Tropicbirds' phylogeny is a great point of contention: some researchers assert they are most closely related to Pelecaniformes (the order of seabirds that includes pelicans, cormorants, gannets and boobies, to which Tropicbirds bear superficial physical resemblance), while others suggest that are their own monophyletic order, Phaethontiformes, perhaps sharing recent ancestry with Procellariiformes (the order that includes petrels and albatrosses). Tropicbirds' life history patterns are certainly very similar to those of many Procellariiformes (and some Pelecaniformes, especially the gannets): they exhibit a high degree of site fidelity and philopatry (returning to the site of their birth to breed, a sensible option for wandering species with sparse population density), they have long incubation and chick rearing times (about 90 days from chick to fledgling, similar to a gannet or a Hydrobatidae storm-petrel), and their chicks are altricial and have to spend time living on the water before they can lose enough weight to take flight (another characteristic of gannets). Tropicbirds are not sexually dimorphic, as many Procellariformes are (such as the petrels of the Macronectes genus – in some species, females are less than 80% the weight of males). Many aspects of tropicbirds' physiology are rather unique: they are totipalmate birds (with four webbed toes, as are all Pelecaniformes), but they are not excellent swimmers. They dive into the water at high speeds to catch their prey, which includes fish and the occasional squid. They are highly maneuverable fliers with a low wing aspect ratio (wing span to wing breadth); not only does this factor into their spectacular airborne mating displays, but it also allows them to elude parasitic seabirds that would harass them and force them to give up semi-digested food in their crop.
The White-bellied sea eagle actually makes up a superspecies with Sanford's Sea Eagle (Haliaeetus sanfordi). The two are sympatric (H. sanfordi is distributed throughout the Solomon Islands, its range entirely enclosed within the range of H. leucogaster) and very similar in morphology and coloration, although as with many avian superspecies there are key differences, mostly in coloration, that allow us to distinguish between species and are most probably the result of reinforcing selection favoring the maintenance of reproductive barriers. The two species show only a 0.3% genetic divergence in the nucleotide sequences of the genes for their cytochrome proteins, indicating a vey recent divergence.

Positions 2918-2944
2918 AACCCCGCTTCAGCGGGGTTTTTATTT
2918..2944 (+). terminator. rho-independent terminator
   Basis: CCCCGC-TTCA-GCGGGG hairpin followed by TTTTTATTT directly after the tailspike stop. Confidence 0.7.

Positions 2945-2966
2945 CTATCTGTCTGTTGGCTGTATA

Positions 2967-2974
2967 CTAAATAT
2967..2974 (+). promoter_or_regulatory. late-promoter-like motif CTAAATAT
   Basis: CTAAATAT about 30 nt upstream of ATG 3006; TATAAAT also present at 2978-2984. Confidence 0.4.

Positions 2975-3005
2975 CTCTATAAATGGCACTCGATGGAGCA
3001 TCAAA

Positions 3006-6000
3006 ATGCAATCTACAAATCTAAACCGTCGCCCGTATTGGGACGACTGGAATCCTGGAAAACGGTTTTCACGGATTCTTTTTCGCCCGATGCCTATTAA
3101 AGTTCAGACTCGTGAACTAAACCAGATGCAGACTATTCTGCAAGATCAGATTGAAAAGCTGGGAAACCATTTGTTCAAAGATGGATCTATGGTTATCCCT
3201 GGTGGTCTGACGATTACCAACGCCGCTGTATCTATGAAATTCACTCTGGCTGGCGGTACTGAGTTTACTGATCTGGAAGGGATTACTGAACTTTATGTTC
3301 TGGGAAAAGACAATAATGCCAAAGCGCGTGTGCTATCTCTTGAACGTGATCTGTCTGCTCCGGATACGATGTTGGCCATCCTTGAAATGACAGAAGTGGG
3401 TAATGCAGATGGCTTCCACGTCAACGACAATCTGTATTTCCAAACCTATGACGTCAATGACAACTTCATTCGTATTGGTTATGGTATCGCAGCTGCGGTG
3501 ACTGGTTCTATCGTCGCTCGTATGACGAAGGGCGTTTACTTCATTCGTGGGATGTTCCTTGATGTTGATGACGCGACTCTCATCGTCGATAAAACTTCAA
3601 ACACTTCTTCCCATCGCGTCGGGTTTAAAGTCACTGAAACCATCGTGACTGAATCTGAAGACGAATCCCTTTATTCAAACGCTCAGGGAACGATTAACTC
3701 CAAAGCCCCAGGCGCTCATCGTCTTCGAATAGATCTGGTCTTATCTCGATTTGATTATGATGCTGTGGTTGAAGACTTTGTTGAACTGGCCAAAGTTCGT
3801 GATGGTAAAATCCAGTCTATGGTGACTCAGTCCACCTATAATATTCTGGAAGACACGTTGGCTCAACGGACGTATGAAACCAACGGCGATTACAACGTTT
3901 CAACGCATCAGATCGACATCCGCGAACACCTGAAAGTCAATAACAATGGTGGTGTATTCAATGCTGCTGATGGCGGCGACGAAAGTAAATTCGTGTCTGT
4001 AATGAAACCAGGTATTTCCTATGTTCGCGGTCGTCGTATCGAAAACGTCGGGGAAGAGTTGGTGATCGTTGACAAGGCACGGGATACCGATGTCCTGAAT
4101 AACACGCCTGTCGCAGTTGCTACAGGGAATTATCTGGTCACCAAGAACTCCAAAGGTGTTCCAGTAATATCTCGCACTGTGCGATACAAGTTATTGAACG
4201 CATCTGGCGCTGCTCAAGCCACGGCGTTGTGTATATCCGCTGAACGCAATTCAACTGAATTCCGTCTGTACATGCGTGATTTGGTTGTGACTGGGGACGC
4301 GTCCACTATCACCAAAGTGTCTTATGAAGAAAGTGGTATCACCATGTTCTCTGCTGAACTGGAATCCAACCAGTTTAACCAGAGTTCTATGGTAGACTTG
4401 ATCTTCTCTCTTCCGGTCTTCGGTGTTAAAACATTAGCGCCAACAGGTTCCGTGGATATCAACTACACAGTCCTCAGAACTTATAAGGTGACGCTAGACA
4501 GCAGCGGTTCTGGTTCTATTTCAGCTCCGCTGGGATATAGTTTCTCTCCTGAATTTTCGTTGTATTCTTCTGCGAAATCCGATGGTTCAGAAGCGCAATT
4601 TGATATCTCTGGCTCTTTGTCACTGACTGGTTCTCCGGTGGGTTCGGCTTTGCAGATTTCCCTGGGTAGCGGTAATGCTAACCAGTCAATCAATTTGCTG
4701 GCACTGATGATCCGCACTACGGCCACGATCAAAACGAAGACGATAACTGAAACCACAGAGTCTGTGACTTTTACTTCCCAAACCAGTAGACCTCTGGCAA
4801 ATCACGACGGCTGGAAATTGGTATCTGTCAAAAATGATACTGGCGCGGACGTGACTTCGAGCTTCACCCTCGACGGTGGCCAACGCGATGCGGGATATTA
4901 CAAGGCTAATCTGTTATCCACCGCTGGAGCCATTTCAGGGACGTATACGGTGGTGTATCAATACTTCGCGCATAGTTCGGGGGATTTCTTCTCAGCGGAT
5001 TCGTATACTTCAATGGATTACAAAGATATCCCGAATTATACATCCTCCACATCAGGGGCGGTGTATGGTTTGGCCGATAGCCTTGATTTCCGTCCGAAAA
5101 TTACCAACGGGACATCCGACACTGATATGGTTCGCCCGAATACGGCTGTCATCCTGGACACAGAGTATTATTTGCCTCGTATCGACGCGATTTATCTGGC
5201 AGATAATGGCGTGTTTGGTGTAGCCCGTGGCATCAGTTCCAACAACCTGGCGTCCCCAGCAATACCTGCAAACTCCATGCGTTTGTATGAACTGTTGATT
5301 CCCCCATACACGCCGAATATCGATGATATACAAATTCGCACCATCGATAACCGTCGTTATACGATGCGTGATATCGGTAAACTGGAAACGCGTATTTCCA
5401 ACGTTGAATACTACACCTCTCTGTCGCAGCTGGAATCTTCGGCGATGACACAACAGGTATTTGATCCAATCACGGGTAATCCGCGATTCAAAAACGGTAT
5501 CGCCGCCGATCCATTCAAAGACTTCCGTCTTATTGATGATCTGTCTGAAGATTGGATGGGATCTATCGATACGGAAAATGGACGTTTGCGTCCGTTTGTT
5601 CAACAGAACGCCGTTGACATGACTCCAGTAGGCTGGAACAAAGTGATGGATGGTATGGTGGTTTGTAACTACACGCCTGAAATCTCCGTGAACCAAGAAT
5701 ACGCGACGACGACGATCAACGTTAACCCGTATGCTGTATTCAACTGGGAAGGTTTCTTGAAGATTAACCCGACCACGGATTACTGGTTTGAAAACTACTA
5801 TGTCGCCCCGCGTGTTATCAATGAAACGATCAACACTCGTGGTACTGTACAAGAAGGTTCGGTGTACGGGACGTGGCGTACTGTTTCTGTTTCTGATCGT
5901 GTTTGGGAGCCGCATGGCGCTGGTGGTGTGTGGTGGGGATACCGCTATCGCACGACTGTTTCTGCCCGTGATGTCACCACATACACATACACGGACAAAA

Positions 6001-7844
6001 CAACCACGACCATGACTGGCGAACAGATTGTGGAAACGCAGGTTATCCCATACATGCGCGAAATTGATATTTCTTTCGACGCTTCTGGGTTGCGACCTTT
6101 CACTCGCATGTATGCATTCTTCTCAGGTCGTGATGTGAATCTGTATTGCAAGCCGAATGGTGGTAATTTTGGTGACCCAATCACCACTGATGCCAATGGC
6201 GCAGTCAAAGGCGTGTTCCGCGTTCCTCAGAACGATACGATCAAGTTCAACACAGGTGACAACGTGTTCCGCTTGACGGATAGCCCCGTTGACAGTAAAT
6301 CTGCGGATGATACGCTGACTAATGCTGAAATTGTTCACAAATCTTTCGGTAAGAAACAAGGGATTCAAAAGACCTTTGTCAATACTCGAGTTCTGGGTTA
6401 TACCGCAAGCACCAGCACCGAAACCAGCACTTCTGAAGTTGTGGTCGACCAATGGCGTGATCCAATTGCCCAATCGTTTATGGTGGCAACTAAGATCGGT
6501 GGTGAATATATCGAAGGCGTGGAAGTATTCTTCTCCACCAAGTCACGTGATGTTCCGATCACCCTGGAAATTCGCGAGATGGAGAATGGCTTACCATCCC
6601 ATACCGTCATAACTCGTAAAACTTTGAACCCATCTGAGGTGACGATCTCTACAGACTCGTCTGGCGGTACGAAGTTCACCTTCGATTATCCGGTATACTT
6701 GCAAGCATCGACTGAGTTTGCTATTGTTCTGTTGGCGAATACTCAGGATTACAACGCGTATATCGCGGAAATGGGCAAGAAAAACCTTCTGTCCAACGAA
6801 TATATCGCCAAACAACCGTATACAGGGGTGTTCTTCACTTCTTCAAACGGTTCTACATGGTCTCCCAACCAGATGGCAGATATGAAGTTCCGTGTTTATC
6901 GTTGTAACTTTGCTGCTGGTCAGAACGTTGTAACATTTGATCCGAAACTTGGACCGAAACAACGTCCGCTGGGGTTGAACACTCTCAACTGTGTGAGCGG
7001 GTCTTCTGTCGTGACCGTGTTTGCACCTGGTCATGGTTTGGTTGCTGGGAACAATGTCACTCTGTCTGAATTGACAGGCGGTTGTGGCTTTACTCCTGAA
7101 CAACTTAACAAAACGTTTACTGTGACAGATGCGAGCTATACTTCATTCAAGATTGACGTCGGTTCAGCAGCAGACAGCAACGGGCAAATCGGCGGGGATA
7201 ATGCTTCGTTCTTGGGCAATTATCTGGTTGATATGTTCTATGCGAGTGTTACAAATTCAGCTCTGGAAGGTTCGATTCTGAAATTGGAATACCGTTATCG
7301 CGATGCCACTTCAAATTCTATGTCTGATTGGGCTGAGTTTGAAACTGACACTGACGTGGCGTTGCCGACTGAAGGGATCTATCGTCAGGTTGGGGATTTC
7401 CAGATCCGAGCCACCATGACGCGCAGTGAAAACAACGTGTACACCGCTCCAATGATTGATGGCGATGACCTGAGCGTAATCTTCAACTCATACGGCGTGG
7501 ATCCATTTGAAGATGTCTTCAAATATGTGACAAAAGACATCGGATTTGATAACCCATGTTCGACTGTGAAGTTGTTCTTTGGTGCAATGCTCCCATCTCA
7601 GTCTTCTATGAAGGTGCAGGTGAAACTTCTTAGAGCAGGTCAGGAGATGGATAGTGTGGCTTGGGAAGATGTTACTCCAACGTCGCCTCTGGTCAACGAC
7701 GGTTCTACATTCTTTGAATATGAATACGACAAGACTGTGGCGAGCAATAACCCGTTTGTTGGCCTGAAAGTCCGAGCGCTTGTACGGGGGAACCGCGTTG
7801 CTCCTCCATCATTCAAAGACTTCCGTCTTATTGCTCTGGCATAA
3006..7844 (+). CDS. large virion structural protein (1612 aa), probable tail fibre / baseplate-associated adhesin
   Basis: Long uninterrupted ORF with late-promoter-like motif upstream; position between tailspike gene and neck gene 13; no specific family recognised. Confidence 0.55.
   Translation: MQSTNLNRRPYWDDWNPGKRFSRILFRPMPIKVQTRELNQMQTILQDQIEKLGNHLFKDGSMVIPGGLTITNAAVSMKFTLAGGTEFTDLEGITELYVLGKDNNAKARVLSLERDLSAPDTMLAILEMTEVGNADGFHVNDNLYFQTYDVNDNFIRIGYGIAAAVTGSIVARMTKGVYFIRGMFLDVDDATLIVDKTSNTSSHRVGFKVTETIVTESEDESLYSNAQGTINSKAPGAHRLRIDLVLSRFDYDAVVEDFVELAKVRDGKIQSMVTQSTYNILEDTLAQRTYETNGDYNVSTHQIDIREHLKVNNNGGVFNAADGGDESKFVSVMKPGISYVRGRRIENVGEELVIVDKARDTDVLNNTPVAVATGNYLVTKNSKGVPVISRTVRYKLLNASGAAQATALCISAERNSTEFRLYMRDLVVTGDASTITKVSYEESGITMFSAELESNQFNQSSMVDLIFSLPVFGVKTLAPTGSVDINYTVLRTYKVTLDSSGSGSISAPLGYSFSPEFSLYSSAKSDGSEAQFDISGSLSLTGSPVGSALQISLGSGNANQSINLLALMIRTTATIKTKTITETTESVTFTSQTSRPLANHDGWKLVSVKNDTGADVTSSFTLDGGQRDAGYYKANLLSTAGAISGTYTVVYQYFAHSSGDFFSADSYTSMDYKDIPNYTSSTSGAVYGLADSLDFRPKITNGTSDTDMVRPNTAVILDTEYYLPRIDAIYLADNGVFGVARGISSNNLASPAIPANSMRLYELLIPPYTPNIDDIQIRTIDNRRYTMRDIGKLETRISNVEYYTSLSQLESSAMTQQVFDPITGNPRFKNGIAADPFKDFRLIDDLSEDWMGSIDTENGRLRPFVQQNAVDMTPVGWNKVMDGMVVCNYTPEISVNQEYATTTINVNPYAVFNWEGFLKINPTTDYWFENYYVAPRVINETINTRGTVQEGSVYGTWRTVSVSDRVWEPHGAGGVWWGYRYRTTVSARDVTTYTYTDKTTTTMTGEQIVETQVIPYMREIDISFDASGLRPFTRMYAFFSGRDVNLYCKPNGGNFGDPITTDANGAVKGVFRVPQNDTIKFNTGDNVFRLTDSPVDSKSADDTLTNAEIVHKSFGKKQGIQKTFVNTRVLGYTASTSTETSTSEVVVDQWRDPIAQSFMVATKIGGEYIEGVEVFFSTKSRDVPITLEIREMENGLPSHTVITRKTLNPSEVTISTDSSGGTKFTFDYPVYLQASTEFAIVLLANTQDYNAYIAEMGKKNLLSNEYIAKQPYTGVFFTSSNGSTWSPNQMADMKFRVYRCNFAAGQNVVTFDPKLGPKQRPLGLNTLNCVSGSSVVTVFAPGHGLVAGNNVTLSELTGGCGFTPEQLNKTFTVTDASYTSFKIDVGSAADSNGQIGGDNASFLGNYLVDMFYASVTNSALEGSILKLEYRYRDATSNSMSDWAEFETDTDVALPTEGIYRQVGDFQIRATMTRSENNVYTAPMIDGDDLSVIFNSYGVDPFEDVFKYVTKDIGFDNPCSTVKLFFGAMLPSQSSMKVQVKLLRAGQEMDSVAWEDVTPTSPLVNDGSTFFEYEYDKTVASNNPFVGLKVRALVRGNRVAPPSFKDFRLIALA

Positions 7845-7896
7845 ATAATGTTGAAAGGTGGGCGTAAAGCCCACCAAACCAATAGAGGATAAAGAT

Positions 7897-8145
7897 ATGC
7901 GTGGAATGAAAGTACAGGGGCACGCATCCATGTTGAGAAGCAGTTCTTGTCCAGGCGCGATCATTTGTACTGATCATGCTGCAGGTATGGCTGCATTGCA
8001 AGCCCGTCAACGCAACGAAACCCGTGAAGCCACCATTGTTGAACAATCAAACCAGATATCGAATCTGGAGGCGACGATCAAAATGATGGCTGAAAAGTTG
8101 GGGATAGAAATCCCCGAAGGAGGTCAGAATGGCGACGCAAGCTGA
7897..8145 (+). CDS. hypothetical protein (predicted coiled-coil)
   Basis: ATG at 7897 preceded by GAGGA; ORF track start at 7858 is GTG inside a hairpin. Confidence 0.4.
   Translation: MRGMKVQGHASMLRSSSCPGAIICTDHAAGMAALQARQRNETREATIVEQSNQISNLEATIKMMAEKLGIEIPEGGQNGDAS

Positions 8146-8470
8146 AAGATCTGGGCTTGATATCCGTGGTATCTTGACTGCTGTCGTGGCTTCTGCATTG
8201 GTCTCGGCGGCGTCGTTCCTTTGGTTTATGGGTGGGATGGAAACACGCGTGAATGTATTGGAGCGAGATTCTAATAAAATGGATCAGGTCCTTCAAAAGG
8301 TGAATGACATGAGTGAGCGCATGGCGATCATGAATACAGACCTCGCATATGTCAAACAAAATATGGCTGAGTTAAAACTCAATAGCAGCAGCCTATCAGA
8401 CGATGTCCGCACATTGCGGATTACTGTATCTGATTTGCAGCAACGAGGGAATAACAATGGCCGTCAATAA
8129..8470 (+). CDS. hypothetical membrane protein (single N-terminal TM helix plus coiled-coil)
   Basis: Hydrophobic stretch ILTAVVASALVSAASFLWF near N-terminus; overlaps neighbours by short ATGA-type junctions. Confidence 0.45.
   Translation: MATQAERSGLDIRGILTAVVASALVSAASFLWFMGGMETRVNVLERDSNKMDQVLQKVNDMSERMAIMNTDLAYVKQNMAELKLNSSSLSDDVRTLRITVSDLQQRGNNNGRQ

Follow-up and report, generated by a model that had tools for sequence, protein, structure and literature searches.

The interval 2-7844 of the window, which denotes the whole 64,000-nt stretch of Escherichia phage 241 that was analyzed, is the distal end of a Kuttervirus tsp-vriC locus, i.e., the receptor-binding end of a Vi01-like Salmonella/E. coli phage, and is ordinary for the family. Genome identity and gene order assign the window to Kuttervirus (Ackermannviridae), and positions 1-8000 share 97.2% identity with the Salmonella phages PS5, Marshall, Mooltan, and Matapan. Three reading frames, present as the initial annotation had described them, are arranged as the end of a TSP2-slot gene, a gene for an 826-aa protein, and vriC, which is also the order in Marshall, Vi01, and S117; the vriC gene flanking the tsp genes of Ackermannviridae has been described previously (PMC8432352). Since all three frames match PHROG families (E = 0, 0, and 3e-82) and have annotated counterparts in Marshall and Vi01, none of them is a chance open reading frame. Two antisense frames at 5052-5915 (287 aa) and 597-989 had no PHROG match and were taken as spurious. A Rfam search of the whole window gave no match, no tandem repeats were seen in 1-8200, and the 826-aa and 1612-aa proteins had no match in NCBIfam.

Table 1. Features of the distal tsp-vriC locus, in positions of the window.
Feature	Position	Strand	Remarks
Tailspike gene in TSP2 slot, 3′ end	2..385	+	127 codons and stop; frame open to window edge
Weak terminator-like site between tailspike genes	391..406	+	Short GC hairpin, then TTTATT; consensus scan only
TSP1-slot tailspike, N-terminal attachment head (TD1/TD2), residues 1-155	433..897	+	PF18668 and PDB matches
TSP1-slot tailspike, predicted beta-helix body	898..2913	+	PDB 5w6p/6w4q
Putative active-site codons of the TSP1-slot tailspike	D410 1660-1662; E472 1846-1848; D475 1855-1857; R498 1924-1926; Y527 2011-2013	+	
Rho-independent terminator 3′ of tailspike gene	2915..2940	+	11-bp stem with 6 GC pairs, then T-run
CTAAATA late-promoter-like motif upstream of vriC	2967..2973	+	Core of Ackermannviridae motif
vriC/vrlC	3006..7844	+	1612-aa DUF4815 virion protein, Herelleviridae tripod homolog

White-bellied Sea Eagles are particularly notable for their hunting habits, which involve snatching a sea snake (family Hydrophiinae) out of the ocean (relying on sight and knowledge of fish spawning sites, diving in at an angle so as to avoid casting a shadow on the water's surface), carefully avoiding the snake's venomous, rhabdomyolysis-inducing bite, and carrying it to their nests, where they rip it apart and feed it to their semi-altricial chicks (which may remain in the nest for up to 80 days).
A note on pronunciation: there is continuing controversy over whether or not plover should be pronounced "PLUH-ver", like "lover", or "PLO-ver", like "clover". If you must refer to them as something other than Charadrians, I heartily recommend the latter; it's a much more satisfying sound.
The Pacific Golden Plover (Pluvialis fulva) and the three other members of the genus Pluvialis (the four species are physiologically very similar and they all have the same jet-black ventral coloration and sandy dorsal coloration) are quite fascinating in a number of ways. They feed on a particularly large range of food items, including berries, and they catch food in what's called a "run-pause-snatch" foraging technique, which works pretty much just like it sounds. In addition to being notably fast and deft on their feet, these plovers are very powerful fliers. P. fulva spends its winters wandering around the Indian Ocean, but come spring it flies halfway around the globe to spend its summer breeding and raising young in the tundra of western Alaska (as seen in the photo above).
Learn more about seabird behavior in this earlier post. You'll notice mention of Wisdom, the 63 year-old albatross that has flown the equivalent of a trip to the moon and back multiple times. Good news: she just laid her 35th egg! Congratulations, Wisdom, and safe flying.